Live blogged at #PAPOR in San Francisco. Any errors or bad jokes are my own.
Enhancing the use of Qualitative Research to Understand Public Opinion, Paul J. Lavrakas, Independent Consultant; Margaret R. Roller, Roller Research
- thinks research has become to quantitative because qual is typically not as rigorous but this should and can change
- public opinion in not a number generated from polls, polls are imperfect and limited
- aapor has lost sight of this [you’re a brave person to say this! very glad to hear it at a conference]
- we need more balance, we aren’t a survey research organization, we are a public opinion organization, our conference programs are extremely biased quantitative
- there should be criteria to judge the trustworthyness of research – was it fit for purpose
- credible, transferable, dependability, confirmability
- all qual resaerch should be credible, analyzable, transparent, useful
- credible – sample repreentation and data collection
- do qual researchers seriously consider non-response bias?
- credibility – scope deals with coverage design and nonresponse, data gathering – information obtained, researcher effects, participant effects
- analyzability – intercoder reliability, transcription quaity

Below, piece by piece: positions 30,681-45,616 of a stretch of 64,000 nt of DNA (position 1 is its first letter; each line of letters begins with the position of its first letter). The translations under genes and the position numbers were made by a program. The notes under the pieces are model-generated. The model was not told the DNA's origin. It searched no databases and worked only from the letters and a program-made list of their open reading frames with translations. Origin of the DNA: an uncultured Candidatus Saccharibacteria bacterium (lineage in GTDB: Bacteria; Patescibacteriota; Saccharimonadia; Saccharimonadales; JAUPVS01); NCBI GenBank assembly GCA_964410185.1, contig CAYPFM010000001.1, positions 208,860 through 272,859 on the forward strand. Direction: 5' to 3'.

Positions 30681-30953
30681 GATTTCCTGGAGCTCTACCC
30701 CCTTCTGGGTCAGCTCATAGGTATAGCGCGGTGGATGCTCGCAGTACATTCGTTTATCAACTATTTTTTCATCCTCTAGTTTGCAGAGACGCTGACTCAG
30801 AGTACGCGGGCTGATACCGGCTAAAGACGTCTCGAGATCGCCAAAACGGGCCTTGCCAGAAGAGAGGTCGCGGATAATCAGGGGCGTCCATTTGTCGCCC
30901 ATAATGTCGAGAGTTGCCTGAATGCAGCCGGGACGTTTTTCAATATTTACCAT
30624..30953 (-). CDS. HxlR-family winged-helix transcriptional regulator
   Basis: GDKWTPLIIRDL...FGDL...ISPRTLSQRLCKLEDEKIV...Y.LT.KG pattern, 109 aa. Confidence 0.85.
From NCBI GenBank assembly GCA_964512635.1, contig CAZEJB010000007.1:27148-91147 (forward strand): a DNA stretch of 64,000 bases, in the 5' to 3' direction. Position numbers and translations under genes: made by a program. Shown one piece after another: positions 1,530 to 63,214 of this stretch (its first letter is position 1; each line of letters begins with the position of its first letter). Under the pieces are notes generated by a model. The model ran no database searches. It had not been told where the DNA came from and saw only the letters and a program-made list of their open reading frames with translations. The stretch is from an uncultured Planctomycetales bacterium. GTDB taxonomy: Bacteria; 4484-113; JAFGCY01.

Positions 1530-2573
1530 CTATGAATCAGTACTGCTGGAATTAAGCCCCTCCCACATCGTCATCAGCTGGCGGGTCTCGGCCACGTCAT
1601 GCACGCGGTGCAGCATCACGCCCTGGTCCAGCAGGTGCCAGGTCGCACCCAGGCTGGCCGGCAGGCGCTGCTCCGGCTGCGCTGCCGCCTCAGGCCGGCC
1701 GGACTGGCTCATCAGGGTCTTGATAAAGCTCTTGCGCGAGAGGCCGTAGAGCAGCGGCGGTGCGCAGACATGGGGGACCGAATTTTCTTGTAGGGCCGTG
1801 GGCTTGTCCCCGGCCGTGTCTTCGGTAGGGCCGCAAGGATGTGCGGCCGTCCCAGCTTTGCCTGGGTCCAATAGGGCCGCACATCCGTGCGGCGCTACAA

- transparency – thick descriptions of details in final documents
Comparisons of Fully Balanced, Minimally Balanced, and Unbalanced Rating Scales, Mingnan Liu, Sarah Cho, and Noble Kuriakose, SurveyMonkey
- there are many ways to ask the same question
- is it a good time or a bad time? – fully balanced
- is it a good time or not? – minimally balanced
- do you or do you not think it is getting better?
- are things headed in the right direction?
- [my preference – avoid introducing any balancing in the question, only put it in the answer. For instance: What do you think about buying a house? Good time, Bad time]
- results – effect sizes are very small, no differences between the groups
- in many different questions tested, there was no difference in the formats
Conflicting Thoughts: The Effect of Information on Support for an Increase in the Federal Minimum Wage Level, Joshua Cooper & Alejandra Gimenez, Brigham Young University, First Place Student Paper Competition Winner
- Used paper surveys for the experiment, 13000 respondents, 25 forms
- Would you favor or oppose raising the minimum wage.
- Some were told how many people would increase their income, some were told how many jobs would be lost, some were told both
- Negative info opposed a wage increase, positive info in favor of wage increase, people who were told both opposed a wage increase
- independents were more likely to say don’t know
- negatively strongly outweighs the good across all types of respondents regardless of gnder, income, religion, partyID
- jobs matter, more than anything